A History in Five Parts
An introduction to a history of PNCA's Arlene and Harold Schnitzer Center for Art and Design
UNTITLED presents the history of the 511 Building (now the Arlene and Harold Schnitzer Center for Art and Design) in a five-part series exploring the characters, events, and architecture of this historic building. Enjoy. – The Editors
A History in Five Part: Part One
Persons, Places, Things
How does a building become more than a mere assemblage of steel and stone, metal and masonry? When materials interact with peoples, cultures, times, and environments, they become something greater than of the sum of their component parts. When this happens, they become a place. A pile of bricks is not a place, and a pile of bricks under a pile of metal under a pile of marble is no more a place than that first pile of bricks was on its own. Place is something intangible: a certain ambiance, a gravitas, a presence. The 511 Building has it. Grace Cathedral in San Francisco, and the memorials and monuments of Washington, DC have it too. It’s defined by a combination of specific circumstances and most importantly, by people and by purposes. It’s a conversation with setting, an interaction with site.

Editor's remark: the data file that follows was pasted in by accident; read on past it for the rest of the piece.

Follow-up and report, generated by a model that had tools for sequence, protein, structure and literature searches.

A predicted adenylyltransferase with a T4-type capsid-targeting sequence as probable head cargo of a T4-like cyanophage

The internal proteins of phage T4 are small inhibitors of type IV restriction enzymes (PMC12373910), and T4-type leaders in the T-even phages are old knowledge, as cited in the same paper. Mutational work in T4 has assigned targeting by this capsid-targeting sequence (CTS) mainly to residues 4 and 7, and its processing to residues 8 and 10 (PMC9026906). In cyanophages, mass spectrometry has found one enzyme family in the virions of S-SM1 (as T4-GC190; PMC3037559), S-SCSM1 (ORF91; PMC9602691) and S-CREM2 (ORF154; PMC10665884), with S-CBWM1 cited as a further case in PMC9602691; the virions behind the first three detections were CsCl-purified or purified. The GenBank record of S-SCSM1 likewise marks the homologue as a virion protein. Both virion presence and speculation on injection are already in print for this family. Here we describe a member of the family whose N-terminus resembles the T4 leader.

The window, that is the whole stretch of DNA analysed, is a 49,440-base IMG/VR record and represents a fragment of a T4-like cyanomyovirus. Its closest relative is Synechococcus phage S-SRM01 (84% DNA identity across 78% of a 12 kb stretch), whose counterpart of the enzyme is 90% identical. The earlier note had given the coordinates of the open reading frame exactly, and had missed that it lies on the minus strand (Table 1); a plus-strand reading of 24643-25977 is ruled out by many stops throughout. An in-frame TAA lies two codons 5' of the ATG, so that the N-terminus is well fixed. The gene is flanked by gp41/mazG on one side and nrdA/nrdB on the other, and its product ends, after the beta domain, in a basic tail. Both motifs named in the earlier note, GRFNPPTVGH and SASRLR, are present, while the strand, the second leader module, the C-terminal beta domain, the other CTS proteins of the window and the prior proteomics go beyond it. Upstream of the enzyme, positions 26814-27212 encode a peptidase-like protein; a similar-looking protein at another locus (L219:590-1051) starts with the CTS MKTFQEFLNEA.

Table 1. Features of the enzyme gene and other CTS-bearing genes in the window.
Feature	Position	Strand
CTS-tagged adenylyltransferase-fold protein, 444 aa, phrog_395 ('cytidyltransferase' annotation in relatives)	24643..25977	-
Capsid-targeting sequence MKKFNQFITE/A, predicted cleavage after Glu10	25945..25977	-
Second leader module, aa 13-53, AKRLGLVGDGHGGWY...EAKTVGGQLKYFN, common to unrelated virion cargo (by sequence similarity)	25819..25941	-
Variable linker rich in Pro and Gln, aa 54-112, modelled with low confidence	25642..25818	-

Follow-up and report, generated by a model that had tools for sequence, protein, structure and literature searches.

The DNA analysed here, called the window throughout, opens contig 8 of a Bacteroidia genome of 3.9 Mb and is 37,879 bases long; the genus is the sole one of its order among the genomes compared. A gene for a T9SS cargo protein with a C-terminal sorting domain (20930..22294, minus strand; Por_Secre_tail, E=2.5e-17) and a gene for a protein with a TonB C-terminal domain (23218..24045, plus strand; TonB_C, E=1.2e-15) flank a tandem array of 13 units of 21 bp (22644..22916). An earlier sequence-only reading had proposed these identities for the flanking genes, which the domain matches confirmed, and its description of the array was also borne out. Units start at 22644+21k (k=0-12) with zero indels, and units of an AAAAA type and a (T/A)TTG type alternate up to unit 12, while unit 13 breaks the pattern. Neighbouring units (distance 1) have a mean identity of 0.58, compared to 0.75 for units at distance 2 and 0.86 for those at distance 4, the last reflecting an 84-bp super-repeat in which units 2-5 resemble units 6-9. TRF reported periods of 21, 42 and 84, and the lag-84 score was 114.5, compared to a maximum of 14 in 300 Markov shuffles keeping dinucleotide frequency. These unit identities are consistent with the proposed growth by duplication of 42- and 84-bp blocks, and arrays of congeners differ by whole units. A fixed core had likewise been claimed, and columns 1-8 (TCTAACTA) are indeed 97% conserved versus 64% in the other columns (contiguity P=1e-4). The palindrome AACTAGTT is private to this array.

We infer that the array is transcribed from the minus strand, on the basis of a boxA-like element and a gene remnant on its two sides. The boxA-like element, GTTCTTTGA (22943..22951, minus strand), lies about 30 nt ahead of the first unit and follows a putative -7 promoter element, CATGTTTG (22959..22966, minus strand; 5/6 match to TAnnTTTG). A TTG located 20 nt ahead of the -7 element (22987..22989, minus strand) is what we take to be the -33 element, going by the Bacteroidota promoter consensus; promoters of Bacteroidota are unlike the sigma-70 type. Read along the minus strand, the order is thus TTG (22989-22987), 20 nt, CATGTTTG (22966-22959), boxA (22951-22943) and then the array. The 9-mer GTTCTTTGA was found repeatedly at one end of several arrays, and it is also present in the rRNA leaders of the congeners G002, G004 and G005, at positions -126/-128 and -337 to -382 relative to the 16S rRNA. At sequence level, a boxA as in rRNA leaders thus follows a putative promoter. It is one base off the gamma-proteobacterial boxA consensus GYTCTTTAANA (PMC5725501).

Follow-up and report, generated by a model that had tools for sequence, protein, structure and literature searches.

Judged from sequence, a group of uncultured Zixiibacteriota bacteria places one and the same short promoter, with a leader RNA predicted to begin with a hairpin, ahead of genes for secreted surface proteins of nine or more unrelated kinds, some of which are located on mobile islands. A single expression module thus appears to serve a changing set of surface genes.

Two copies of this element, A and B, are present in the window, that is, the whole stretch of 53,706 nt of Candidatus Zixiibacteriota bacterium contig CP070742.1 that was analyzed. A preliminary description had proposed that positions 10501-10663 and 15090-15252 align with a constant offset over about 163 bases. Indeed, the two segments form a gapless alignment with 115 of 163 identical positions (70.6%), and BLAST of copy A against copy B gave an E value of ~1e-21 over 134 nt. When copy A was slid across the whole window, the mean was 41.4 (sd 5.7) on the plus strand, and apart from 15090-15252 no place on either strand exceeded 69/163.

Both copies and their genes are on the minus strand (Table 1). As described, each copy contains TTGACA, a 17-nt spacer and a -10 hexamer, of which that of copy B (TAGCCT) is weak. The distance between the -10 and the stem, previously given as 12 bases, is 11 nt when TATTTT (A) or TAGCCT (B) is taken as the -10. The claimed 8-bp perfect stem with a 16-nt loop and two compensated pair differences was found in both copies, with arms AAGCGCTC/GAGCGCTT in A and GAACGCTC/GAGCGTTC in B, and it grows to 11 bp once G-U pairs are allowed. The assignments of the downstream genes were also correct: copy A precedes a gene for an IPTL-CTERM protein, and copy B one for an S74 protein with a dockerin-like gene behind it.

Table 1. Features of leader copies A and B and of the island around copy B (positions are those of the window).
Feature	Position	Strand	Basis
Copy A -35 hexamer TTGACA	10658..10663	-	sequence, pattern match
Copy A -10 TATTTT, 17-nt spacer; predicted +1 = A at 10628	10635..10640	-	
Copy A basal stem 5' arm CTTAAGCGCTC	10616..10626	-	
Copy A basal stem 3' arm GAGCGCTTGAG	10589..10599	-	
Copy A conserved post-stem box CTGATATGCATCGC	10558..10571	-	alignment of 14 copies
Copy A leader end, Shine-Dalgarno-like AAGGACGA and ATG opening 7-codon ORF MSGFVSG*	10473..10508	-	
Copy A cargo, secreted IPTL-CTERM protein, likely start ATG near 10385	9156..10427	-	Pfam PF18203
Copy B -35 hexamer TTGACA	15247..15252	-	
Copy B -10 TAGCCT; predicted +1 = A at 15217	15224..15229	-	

“It has, most would agree, a presence, a stature, a significance that isn’t entirely explained by statistics of square footage or material.”
Walking down the marbled first-floor corridor of the historic Federal Building at 511 NW Broadway, you can sense the place-ness of the space. It has, most would agree, a presence, a stature, a significance that isn’t entirely explained by statistics of square footage or material. It’s a place, and it’s someplace special at that.
In just over a year, the 511 Building will be transformed into the Arlene and Harold Schnitzer Center for Art and Design, the new home of Pacific Northwest College of Art (PNCA) and the cornerstone of an arts campus built along the North Park Blocks. It will be a new chapter for the 100+ year-old art school, and a new page for a neighborhood with a rich and varied history.
Through a series of articles over the next few weeks, we’ll consider the place-ness of the 511 Federal Building and track how this historic construction of stone and steel became more than sum of its parts. We’ll examine the 511 Building through the lens of an architect, a senator, and an engineer. We’ll see it as a stable, as a Post Office, and at the forefront of a progressive city on the furthest edge of a growing nation. We’ll peek into closets full of discarded government ephemera, and fill our eyes with corner-turning, Neo-Corinthian pilasters and drop-tile ceilings, crumbling like popcorn on an orange pile carpet. We’ll look at the 511 Building then and the 511 Building now; the 511 Building here and the 511 Building there; what the 511 Building is, and what the 511 Building has been.
We hope that you’ll look with us, because what we’re really doing is looking forward to the kind of places the 511 Building, PNCA, and Portland are going to be next.